and Holiday Folk Fair, St. Patrick's Church restoration and many other
things. The Bradley Center offers us an opportunity to be a part of community
service and at the same time let the public know who we are.
The duties at the Bradley Center are varied, sometimes we kind of
stand around and visit and other times we work hard and fast, like at the
quarter or half time of a Bucks game or other popular event. The job is
really not hard or difficult when all the stations are covered by willing
happy volunteers. The duties of the volunteers at an event include:
1st SHIFT: come one hour before event and help set up the booth.
We must count the beer cups, soda cups, hot dogs, etc. and set up the stations
with candy and boxed popcorn. The cash chairman sees that all the drawers
have money and keep counter people in change, etc.
2nd SHIFT: Come in at game time and start to work at their readied
station. At the end of the event when the first shift leaves, they help
count and pack up the left over inventory and clean the booth for the next
Each event needs 18 people. Six are at the counter to take care of
the customers. Two people in the kitchen keep the brats cooking, wrap them
and put them into the warming ovens. Two people are needed for the nacho
preparation and to place them in the warm ovens. Three people pour beer
and three work on soda. One person works the popcorn machine and the one
person is in charge of cash. Cash person comes early and stays until the
Bradley Center bank people come to pick it up. The stand manager comes
early and stays late and tries to keep everything running smoothly. When
you report into the booth you are generally given your choice of job.
Volunteers are assigned to teams and when possible so are car pools.
We only get a limited number of parking passes. You will be sent a list
of your team members and times and dates of your events. We usually are
given about 20 events and if we can get three or more teams, each would
work only six or less events. We need "on call alternates" who
would be able to come in with a few days notice or maybe even hours notice
in an emergency. This doesn't happen very often.
The Bradley Center is really not a difficult fund raiser. We have
no investment and work for an event that, when we have a fully staffed
crew, we can watch for 15 minutes if we want to.
All interested in becoming managers, please call me. As of this printing,
I don't know the dates of the training.
To be successful, we really need you and it's an enjoyable evening
with nice people that you might not meet otherwise. Talk to the people
who have been doing this for years, you will know them by the smiles on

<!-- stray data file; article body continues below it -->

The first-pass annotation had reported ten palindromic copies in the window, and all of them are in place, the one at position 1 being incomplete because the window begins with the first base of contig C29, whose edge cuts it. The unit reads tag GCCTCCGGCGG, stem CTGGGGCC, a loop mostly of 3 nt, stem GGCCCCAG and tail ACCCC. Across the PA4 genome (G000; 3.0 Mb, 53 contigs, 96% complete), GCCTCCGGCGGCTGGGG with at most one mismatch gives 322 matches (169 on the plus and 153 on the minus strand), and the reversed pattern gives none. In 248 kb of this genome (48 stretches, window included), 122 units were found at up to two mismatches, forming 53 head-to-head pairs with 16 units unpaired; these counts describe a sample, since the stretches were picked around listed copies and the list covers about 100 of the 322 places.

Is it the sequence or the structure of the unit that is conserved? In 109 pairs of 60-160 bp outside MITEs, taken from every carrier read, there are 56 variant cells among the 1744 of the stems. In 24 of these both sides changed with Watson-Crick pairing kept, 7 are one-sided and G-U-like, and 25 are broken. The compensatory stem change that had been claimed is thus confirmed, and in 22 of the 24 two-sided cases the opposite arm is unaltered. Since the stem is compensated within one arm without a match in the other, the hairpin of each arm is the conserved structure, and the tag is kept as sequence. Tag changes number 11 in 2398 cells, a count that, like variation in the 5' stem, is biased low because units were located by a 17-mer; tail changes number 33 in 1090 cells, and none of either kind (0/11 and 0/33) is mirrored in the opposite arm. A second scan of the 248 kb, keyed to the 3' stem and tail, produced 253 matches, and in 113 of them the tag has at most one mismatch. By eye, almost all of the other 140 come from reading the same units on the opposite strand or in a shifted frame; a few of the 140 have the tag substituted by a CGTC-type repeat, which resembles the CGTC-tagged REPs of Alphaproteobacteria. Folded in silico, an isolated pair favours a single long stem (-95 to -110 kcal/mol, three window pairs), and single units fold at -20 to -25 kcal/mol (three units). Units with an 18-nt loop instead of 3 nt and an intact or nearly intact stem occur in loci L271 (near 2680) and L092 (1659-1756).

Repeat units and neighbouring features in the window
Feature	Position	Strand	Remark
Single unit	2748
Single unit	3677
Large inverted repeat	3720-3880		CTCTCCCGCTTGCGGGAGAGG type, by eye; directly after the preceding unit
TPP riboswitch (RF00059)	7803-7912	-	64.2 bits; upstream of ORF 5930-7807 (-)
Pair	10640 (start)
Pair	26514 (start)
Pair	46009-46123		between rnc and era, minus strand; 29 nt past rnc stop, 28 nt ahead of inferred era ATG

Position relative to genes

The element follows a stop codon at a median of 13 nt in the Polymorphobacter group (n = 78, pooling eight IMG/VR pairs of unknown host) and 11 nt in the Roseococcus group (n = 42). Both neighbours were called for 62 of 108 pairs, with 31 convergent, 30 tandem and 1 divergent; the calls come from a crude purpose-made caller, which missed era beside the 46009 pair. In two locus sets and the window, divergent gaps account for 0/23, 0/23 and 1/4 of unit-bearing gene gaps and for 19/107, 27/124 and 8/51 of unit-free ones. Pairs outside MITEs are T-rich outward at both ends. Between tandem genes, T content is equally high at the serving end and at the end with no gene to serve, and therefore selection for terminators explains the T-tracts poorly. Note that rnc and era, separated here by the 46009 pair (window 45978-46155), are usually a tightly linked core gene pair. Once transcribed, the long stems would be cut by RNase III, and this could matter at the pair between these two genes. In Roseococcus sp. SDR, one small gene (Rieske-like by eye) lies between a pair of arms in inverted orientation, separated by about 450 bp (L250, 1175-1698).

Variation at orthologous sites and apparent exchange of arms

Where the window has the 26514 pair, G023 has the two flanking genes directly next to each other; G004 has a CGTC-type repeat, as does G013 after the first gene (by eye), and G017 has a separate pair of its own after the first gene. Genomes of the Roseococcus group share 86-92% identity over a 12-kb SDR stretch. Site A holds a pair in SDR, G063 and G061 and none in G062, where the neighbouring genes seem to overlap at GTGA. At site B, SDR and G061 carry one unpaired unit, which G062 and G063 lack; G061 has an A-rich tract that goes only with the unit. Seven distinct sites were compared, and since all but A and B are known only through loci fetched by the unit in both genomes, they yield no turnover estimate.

their faces. Please fill out the form below and mail it to me or give it
to me at the December Party.
- Cate Harris (414) 321-5153
RTE Irish News Items
90% BELIEVE CHURCH DAMAGED BY ABUSE
More than 90% of people in Ireland believe the Roman Catholic Church
has been damaged as a result of revelations of clerical sex abuse of children,
according to a Poll published in November. The survey, of over 1,000 mostly
Catholic adults, revealed that more than a third of those questioned said
allegations of widespread child abuse by priests had affected their religious
practices in terms of churchgoing and prayer. The survey which was carried
out by researchers at Dublin's Royal College of Surgeons, comes as the
Government faces pressure to order a full statutory inquiry into allegations
of clerical abuse in cases stretching back over more than 40 years.
Michael Breen, a member of the Irish Bishops' Committee on Child
Protection, which commissioned the poll as part of a wider survey, described
it as "a very useful piece of work". "I think people are
rightly appalled by the way the church has handled the issue and rightly
dissatisfied, but before we can begin to redress a wrong, we have to know
the extent of what needs to be done and this is part of our effort in that
direction," he said.
More than three in four people believed the Church's response to
the sex abuse was inadequate. And 92% of those questioned said a priest
who abused children should not return to ministry. On the issue of clerical
celibacy, almost three-quarters told researchers they were opposed to the
requirement, with 17% in favour. However, faith in God remained high overall,
with most people seeing the church and priests as better or the same as
in the past. Mass attendance by practising Catholics was recorded in the
poll at 63%, a 2% drop from a 1997 survey. Breen said he was "very
encouraged" that religious practices had not been overly affected.
Faith was about a relationship with God rather than an institution, he
MARCHING SEASON COSTS POLICE £18m
The Chief Constable of the North's Police Service, Hugh Orde, has
said this year's Loyalist marching season cost police £18m. He told